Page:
Everyone takes a different path to their first media job. Some people land their first choice right out of college. Others need to apply to dozens of places before landing an interview. There’s not a perfect way to get the job you want, but it can help to learn from the experience of others. In our feature “How I Got the Job,” we talk to some of the best people working professionally in media about what they did to get a foot in the door, and what it took to finally sign the contract. This week: Ian Cull, reporter for NBC Bay Area
When did you start looking for your first TV job?
I first started looking at the beginning of my senior year of college. I’d just finished an internship at KING 5 Sports in Seattle, and had a little better idea of how the industry works. I also asked many of these same brilliant questions you’re asking now. That’s a key thing, questions. I always asked these questions of different TV news professionals I came across to get ahead of the competition out there who aren’t asking them. You’ve got to work and be ambitious!
Anyway, I compiled a list of stations of about 20 TV stations in desirable small markets. I checked the websites every day to see what their reporters were doing, what sort of stories they were covering, and most of all if they had any job openings. Now, I’d suggest getting a subscription to TVJobs.com to find job openings. It’s worth $40 a year.
Do you remember what you included on your first tape?
I asked two professors what I should include. Many news directors I’ve spoken with suggest a one minute montage with active standups, followed by three packages, and then anchoring or another montage. Nothing over 10 minutes. Even though my first package wasn’t a “hard news” package, it was my best one. I’ve been told no matter what, it’s always best to put your best stuff first.
That “best” package was about a new horseback riding class at Gonzaga. Looking back at it now, there are about 37 things I’d change. However, I stood by it. It had great nats, characters, and writing.
How many rejections did you get?
I was lucky. I only applied to about 10 places, before I got a job at KCSG in Southern Utah (which doesn’t exist anymore). My professor used to work with the news director there, and he was looking for a news/sports reporter.
Did you have to change anything about your approach to the job search?
I started applying about 5 months before I graduated.
Two months before I graduated I got restless and started following up by e-mailing and calling the news directors. Most of the time, I would call to make sure they had my application, let them know I was interested, if they wanted me to send any more materials or had any questions about me.
Nowadays, ambition is key. Every job I got after, it was because I always followed up with an e-mail about 1-2 weeks after I sent my materials. Nothing crazy. But that way, news directors know you’re serious.
What happened in your first interview?
It was the craziest interview I’ve ever had. I had to buy my own ticket from Spokane, WA to St. George, UT, but the station paid for my hotel. I arrived Saturday morning. The news director picked me up and took me out to lunch. He then brought me by the station to meet everybody and see how they work. The whole time he was asking me questions. What are your strengths/weaknesses? What do you like to do? Do you think you could really make it right out of college? Do you think you’d be comfortable moving to Southern Utah?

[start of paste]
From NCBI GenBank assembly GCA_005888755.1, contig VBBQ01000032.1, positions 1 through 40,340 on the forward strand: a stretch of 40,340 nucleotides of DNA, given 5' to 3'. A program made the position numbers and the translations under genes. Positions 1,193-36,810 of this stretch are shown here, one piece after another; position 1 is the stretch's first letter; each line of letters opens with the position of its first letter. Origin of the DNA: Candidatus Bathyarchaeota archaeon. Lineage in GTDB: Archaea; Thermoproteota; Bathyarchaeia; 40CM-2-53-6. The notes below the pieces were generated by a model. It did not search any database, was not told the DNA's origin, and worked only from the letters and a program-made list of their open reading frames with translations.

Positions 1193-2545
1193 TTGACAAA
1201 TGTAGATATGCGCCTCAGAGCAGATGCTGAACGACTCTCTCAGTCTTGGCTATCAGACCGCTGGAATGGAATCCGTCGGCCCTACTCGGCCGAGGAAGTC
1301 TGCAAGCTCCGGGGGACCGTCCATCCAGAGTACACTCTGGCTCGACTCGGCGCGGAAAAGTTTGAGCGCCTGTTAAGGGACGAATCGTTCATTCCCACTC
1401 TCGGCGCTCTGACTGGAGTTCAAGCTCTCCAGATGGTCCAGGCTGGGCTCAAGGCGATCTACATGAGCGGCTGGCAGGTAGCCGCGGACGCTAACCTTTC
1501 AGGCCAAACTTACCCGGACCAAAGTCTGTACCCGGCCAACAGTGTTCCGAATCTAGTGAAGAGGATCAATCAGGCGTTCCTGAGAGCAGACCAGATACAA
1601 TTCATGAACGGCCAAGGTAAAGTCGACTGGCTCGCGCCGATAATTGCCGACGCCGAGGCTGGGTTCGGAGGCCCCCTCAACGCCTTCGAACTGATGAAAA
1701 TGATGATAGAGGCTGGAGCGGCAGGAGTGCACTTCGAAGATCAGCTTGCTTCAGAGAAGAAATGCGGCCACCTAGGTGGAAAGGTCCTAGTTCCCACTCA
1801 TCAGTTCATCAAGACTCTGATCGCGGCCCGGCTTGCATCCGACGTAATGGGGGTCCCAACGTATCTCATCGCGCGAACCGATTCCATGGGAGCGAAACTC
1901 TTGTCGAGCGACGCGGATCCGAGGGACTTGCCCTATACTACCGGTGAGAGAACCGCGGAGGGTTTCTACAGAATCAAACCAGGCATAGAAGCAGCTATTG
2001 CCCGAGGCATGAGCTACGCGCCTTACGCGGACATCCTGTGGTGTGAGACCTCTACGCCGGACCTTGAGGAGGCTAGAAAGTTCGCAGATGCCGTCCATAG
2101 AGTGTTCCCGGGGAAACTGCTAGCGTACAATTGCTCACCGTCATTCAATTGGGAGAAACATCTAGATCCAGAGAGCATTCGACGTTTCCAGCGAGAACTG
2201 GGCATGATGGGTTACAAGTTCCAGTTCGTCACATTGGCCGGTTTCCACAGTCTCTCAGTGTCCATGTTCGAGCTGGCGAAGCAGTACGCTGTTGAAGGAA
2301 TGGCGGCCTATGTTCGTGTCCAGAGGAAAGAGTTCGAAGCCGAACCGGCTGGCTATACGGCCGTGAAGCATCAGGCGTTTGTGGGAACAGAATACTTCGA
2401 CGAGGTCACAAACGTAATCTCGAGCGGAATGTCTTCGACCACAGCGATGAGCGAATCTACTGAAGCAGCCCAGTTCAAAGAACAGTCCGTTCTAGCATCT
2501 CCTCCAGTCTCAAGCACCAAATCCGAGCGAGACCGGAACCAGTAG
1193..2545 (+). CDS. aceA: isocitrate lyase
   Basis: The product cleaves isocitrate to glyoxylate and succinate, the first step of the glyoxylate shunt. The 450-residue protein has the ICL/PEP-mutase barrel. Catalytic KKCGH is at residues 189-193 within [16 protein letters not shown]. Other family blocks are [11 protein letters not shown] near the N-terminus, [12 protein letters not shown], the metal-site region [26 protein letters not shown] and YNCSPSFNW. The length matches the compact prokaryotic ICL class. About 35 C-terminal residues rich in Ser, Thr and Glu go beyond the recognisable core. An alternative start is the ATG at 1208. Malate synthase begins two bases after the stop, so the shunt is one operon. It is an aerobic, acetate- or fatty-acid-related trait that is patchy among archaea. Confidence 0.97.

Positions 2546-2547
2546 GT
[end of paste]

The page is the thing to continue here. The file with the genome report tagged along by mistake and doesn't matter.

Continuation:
During every interview there’s a period where you have down time. The ND has to do some work and you’re left to ask questions of other reporters and walk around by yourself. I personally think it’s a test to see how you get along with co-workers. This can be terrifying. So what I’ve done many times is look up everyone I know I’ll meet. I read their bios, see where they went to school, try and find a connection. That way, when you meet “Jim,” you know he’s from a town where you grew up and you can relate to the nice places to visit. Or if he went to a school with a big football or basketball team like Oregon State (that’s for you Steve), you can say, “so do you think Gary Payton’s son will ever live up to his dad’s legacy at your alma mater?” Most of the time, you’ll get a chuckle … and a great recommendation from that employee when the ND asks if they like you.
I had dinner and a beer with the ND (he insisted). Then on Sunday, the ND picked me up and drove me by the station one more time. He then drove me TWO HOURS to the nearest major airport, which is in Las Vegas. It was a long drive, but I finally relaxed a little. Being grilled with questions all weekend will do that. However, we went to lunch at Margaritaville. SO FUNNY. I think he was trying to show me how awesome it’d be to live there. Looking back, it WAS an awesome first job and great place to live.
Did you ever turn down a job offer? Why?
Just this year. I was approached by an ND, but I just didn’t want to move across the country and be far away from family and friends. At this point in my life, with a child, that is very important to me. For my first job, however, I was willing to move anywhere.
When did you get an offer? How did it happen?
At the end of my interview in Southern Utah, the boss told me the job was mine if I wanted it. He sent me a formal offer two days later. I ran the contract by my family and professors.
Looking back, what would you have changed about the process?
I don’t think I would’ve change much about my job search. However, I wish I would’ve got involved in the community more at my first job. Volunteer, join a church group or intramural sports team at the rec center. Sometimes, those people will give you the best story ideas and a real sense of the town.